Sunday, June 13, 2010
What on earth to write about--oh, training of course!
Since I'm not riding at the moment--yes, I'm trying to be good--it is a little hard to know what to write about.
We'll resume groundwork in the next day or so, and try something interesting with Bar--a suggestion from Karen--if he cooperates. Then he gets a week off or so because Steve and I are off on an adventure up north to Oregon and Washington. That should keep me off the horses just long enough.
Teaching Bar to round up and drive with his hind end has been the goal for a long time. He could probably have used a better rider to help him with this, but he got me, so we're experimenting. Racehorses really don't learn how to do that much. Whether they should or not is, of course, subject for much debate.
But I'm really only concerned about teaching Bar to use his body the best way possible. Changing the centuries-old racing industry might be a little beyond the scope of this blog.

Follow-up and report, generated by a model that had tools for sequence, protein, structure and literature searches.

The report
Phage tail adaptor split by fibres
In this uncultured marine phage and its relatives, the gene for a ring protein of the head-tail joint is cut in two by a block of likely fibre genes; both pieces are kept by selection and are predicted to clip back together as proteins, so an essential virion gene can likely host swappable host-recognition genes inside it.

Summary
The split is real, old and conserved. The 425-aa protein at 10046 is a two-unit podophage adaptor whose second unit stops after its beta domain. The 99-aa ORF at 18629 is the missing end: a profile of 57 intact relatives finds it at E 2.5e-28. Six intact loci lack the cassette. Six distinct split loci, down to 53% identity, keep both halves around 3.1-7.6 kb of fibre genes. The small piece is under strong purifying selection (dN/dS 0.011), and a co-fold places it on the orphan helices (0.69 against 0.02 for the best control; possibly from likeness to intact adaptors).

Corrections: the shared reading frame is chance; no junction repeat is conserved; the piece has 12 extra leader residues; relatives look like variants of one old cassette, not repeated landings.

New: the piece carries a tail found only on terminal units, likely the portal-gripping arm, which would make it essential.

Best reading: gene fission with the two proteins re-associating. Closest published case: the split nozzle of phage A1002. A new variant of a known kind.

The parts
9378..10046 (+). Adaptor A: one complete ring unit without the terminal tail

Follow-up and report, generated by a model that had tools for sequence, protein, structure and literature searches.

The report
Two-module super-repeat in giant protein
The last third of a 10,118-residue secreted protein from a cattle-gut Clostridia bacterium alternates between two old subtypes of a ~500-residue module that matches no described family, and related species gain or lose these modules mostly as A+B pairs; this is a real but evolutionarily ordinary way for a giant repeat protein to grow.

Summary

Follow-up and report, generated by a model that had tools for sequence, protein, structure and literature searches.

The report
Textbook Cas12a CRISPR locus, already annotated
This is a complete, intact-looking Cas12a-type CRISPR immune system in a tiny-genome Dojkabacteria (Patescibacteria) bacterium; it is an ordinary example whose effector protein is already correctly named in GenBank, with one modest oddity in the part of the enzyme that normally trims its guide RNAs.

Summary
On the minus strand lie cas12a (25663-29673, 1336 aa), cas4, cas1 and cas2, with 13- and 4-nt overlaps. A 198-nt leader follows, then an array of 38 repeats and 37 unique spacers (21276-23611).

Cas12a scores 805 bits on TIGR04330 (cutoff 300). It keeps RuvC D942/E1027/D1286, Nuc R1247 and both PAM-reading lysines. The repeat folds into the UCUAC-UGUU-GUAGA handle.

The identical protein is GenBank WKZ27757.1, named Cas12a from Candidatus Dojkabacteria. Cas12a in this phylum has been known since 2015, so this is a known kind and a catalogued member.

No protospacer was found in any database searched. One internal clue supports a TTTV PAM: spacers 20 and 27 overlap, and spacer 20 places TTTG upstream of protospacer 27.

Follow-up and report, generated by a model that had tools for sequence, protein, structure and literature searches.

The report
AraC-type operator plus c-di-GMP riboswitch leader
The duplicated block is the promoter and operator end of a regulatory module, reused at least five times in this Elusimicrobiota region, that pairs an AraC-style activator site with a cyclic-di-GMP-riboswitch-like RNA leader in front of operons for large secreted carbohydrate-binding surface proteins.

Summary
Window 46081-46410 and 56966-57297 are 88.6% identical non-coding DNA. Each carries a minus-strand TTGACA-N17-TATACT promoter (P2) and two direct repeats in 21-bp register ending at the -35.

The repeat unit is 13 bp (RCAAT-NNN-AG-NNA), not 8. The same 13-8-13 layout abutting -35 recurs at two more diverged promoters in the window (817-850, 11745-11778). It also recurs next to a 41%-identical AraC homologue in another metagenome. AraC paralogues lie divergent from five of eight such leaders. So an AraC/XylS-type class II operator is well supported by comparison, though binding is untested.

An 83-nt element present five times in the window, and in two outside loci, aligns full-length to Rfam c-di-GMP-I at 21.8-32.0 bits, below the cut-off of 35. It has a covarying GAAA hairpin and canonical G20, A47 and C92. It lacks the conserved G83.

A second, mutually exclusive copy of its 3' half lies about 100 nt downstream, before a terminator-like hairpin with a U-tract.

Now, I could (and have) used mechanical aids--tie-downs, martingales, different bits, no bit, and of course see-sawing on his mouth. (Sorry, buddy.) It's not that those things didn't work. He would eventually give to pressure and put his body in the right place--albeit for moments at a time while his unskilled rider tried to catch up--but does that mean he got it? That he made the connection that having his body in this position made him more powerful? Or was he just trying to do what I wanted without me communicating clearly why it is important?
I don't think any of it really set off the light bulb for him, and watching him heal from his latest injury has cemented for me that he is very in tune with his body. Not necessarily how to use it perfectly all the time, but he is paying attention to it.
Karen's suggestion is to figure-eight two lengths of something (no special equipment required, always a bonus) around his neck and his hind end, crossing and tying behind the withers, then work him. When she showed me how to do this with two lead ropes, he tucked his hind quarters underneath himself in the cross-ties. Her experience has been that it makes the horse pay better attention to their body and its position. My experience with Bar and performance boots says it may work well with him. "Those are my feet! They're attached to me! Wow!"
And it gives us something new to play with on the ground while I continue my convalescence. The other thing about Bar is while he likes routine, he doesn't like to be bored, so games are good. Yeah, yeah. Just like his mom.